A dramatic weekend! On Saturday one of the larger ewes had difficulty dropping her lambs, which is most unusual for Clun Forest ewes. The birth process had started (no, I shall not describe the mildly gruesome details) and then stopped. We waited a couple of hours to see if she would manage by herself – Alex swore he had seen a muzzle – and then called the vet. Eventually the vet arrived and demanded a bucket of warm water and a bucket of cold. He proceeded to deliver the ewe ('push, my girl, push') – of two very large twins, one female, one male. Even the vet admired them. It took very little time for them to stagger to their feet and to seek the maternal udder.
Then on Sunday one of the youngest and smallest ewes produced a foursome. At least we think they were all hers because, although another ewe was calling, she did not follow the lambs to the nursery pens. All bar one of the lambs were vigorous if fairly small. One died but the ewe seemed to manage the other three quite serenely. Monday is full moon. We expect more.
Meanwhile spring is trying to arrive. The first wood violets are showing small flowers, the daisies have not yet raised their heads. The japonica is beginning to flower and the camelia – which is most unsuited to our soil – is laden with buds. In the fields the first leaves of the wild orchids are beginning to spread and some of the daffodils have buds that show colour. Unfortunately, snow is still lurking and temperatures are hovering around the +/- 1 mark and the duck pond did not unfreeze.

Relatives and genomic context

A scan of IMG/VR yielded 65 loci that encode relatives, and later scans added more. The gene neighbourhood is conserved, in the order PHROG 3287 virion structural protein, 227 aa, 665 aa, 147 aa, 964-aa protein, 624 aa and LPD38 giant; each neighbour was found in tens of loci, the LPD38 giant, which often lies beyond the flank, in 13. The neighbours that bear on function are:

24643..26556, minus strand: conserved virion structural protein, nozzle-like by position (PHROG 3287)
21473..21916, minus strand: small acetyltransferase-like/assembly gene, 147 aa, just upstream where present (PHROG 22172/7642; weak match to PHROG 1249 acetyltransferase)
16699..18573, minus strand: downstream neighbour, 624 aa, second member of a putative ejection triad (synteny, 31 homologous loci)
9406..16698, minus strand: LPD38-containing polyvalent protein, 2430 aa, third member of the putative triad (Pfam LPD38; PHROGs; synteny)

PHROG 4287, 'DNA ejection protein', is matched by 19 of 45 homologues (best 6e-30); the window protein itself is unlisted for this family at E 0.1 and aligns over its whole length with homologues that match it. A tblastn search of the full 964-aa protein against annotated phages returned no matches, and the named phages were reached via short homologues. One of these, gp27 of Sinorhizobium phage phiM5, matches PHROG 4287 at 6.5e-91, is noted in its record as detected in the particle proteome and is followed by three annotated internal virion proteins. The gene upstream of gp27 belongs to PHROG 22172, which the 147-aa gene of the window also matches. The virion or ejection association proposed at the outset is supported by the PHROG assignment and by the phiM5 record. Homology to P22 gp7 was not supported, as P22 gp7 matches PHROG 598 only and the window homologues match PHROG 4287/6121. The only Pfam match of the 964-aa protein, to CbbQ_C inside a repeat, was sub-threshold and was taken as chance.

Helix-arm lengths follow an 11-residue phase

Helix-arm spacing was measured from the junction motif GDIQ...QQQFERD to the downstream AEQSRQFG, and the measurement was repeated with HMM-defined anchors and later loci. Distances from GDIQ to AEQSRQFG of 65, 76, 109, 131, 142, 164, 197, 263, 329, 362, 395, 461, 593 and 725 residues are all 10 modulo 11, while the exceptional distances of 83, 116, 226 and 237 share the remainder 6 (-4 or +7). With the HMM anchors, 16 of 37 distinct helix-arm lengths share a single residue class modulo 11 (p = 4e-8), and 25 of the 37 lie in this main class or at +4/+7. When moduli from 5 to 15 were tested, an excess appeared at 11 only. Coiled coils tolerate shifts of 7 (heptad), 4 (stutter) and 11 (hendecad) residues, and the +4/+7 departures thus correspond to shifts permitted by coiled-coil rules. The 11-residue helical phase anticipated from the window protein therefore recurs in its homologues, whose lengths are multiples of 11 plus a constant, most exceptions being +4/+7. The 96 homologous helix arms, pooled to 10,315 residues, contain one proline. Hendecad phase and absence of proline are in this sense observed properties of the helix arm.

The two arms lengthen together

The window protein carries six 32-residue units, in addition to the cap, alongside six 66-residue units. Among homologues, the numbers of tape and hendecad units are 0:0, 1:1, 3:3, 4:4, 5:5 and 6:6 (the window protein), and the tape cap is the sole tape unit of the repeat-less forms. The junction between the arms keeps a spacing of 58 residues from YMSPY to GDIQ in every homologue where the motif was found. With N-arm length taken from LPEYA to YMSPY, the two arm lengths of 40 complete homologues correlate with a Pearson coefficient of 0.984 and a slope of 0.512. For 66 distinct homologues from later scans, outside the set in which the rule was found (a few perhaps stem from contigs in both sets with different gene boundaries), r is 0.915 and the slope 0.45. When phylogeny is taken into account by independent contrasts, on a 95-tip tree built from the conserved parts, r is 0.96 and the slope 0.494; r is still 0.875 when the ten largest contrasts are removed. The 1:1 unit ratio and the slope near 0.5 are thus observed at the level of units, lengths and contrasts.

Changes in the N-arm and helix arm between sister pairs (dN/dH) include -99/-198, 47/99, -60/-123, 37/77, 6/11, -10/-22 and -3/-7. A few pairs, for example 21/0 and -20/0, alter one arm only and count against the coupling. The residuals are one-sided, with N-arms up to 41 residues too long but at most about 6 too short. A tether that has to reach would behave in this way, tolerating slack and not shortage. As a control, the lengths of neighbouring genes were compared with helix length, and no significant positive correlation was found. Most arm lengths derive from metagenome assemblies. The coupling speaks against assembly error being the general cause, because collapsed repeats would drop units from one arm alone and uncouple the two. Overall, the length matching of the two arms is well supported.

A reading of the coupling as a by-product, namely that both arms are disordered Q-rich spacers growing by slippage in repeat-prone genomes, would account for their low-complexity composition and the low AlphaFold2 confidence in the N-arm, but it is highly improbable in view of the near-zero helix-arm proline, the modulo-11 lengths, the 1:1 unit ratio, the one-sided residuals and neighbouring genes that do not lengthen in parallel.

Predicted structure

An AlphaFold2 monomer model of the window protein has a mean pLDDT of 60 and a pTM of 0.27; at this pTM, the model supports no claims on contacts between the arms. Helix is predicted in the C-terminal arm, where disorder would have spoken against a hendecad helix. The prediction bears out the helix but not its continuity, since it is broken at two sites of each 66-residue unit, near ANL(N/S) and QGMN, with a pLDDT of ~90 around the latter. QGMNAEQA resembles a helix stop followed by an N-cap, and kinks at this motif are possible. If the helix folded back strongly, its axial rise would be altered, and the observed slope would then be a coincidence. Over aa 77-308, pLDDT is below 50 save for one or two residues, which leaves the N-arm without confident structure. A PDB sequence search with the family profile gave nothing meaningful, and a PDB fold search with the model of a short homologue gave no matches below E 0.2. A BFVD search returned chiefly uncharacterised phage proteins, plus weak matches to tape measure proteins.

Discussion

I wonder how my carp amor are doing. They are supposed to be able to survive in the muddy bottoms of ponds – but since the pond is so very murky, I shall never know whether or not they have survived the winter. Except perhaps, if the pond weed, their staple diet, returns. Fortunately, the wild ducks who may have decided to live with us, have taken up residence mostly on the Black Pond in the Woods. We feed them from time to time with grains taken from the sheep.
Now that we have so many lambs, another problem raises its head. It would be nice to be able to identify the lamb with its mother without having to put one of those absurdly large electronic tags in its ears. Cluns have very small ears and one does not want to be constantly putting in and taking out identity tags. This leaves only the option of drawing on them with the coloured, rain proof (nearly) grease pens. We need a code writer.